Acute leukemias result when the regulation of the normal hematopoietic process goes awry at the stem cell or progenitor levels. Benzene (BZ) is an aromatic hydrocarbon in widespread use as an industrial chemical, and is known to play a causative role in the development of certain cases of acute myeloid leukemia (AML). The leukemogenic properties of BZ and its metabolites are thought to occur via effects on normal hematopoietic precursors, but the precise cellular events responsible for benzene-induced leukemogenesis remain unknown. One group of proteins that are potential candidates for such causative effects is the protein kinase C (PKC) family of serine-threonine kinases. These kinases are activated by a wide range of stimuli, including BZ and oxidative stress, and exhibit context-dependent and isoform-specific effects on cell proliferation and differentiation. This proposal will examine the expression and functional roles of the PKC family of proteins in normal hematopoiesis and will determine whether abnormalities in the expression of PKC proteins contributes to the development of AML, including AML related to benzene exposure.
Specific aim A is to determine the role of the PKC family in normal hematopoiesis. Studies will be performed to define the expression of different PKC-isoforms during early and late stages of normal erythropoiesis and myelopoiesis, and to examine the effects of disruption of their expression or inhibition of their kinase activities on hematopoietic progenitor cell growth and differentiation.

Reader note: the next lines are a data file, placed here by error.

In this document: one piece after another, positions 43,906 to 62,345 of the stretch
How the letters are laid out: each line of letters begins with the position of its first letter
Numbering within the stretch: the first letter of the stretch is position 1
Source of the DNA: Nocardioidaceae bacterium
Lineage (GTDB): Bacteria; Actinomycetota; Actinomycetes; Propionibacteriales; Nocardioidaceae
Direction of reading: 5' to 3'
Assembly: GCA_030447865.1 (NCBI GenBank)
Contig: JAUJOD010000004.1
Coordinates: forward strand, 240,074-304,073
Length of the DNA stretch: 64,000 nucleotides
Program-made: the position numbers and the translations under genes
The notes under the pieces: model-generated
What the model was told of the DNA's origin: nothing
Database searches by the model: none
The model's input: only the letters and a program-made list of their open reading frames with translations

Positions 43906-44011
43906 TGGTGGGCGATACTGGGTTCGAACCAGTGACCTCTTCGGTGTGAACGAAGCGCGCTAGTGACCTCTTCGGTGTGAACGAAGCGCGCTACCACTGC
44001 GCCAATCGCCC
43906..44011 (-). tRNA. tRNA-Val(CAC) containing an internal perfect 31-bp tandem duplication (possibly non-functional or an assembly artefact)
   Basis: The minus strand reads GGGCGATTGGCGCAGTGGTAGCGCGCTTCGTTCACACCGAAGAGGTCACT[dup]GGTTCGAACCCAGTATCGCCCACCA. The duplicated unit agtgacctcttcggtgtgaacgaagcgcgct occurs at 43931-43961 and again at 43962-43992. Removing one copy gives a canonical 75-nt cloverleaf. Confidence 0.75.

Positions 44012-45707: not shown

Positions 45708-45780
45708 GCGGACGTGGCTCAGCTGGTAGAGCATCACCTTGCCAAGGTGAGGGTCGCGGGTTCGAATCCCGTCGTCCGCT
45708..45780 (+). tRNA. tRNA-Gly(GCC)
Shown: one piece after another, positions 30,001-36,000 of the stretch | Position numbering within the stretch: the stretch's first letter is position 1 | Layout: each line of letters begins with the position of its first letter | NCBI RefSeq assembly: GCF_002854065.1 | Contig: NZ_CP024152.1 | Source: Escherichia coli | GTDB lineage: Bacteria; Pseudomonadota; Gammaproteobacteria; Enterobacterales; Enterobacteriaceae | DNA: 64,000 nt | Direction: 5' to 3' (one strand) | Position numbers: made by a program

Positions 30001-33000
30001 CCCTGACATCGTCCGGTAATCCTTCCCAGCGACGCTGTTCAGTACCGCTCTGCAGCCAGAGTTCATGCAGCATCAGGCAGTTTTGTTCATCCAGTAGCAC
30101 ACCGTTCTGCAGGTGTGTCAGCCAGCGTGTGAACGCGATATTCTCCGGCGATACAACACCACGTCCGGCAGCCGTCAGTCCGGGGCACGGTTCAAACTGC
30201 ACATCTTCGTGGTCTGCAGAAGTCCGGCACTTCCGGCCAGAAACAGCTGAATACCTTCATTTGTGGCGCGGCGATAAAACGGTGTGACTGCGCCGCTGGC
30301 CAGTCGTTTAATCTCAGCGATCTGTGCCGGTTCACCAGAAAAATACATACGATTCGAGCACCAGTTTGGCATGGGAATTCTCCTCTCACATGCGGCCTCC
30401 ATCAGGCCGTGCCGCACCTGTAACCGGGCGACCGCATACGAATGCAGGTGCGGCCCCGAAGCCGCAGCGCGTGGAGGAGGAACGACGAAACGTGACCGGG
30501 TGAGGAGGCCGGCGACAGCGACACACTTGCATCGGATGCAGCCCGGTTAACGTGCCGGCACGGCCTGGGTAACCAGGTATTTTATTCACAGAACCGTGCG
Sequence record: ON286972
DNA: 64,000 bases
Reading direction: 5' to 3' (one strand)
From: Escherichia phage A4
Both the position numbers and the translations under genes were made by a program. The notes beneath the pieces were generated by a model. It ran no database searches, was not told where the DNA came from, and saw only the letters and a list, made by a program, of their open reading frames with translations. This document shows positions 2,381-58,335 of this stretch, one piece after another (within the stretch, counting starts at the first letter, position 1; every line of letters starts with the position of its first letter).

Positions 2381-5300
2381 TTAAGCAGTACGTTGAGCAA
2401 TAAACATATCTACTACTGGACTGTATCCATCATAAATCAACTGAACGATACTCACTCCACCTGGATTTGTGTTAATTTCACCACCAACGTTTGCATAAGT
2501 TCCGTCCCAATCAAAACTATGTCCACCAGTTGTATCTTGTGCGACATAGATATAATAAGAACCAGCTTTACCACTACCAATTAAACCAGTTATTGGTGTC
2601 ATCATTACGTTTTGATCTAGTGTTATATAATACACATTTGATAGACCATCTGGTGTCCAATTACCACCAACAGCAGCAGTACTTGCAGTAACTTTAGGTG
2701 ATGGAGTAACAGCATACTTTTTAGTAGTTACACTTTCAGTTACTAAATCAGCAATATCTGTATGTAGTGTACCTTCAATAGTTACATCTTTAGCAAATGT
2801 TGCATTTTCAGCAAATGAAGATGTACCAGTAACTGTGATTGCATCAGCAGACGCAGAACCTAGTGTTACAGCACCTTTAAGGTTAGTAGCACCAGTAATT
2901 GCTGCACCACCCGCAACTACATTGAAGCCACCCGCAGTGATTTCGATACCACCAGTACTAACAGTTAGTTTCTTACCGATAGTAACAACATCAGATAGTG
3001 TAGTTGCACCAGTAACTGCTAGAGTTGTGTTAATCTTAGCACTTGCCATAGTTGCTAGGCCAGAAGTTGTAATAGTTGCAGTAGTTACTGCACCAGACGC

Specific aim B is to determine the role of the PKC family in AML. The patterns of expression of PKC members and their contribution to leukemogenesis will be investigated in primary leukemic progenitors from the bone marrows of patients with AML and will be correlated to prior exposure to benzene. Project relevance: Environmental exposures to benzene and other carcinogens can lead to the development of different forms of AML, thus understanding the mechanisms by which such carcinogens promote the onset of leukemic phenotypes is an essential step towards the development of novel therapies and the prevention of such leukemias. Among the known cellular targets of benzene is the PKC family of proteins, but very little is known about the expression and pathogenetic role of these kinases in benzene-related cases of acute leukemia. This proposal is a comprehensive approach to examine the function of PKC isotypes in normal hematopoietic progenitors and to identify abnormalities in their expression in AML, thereby providing valuable information on the mechanisms by which environmental carcinogens promote leukemogenesis and leading to the identification of novel targets for acute leukemia treatment. ? ? ?

National Institute of Health (NIH)
National Institute of Environmental Health Sciences (NIEHS)
Individual Predoctoral NRSA for M.D./Ph.D. Fellowships (ADAMHA) (F30)
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Special Emphasis Panel (ZRG1-F09-W (20))
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Humble, Michael C
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Northwestern University at Chicago
Schools of Medicine
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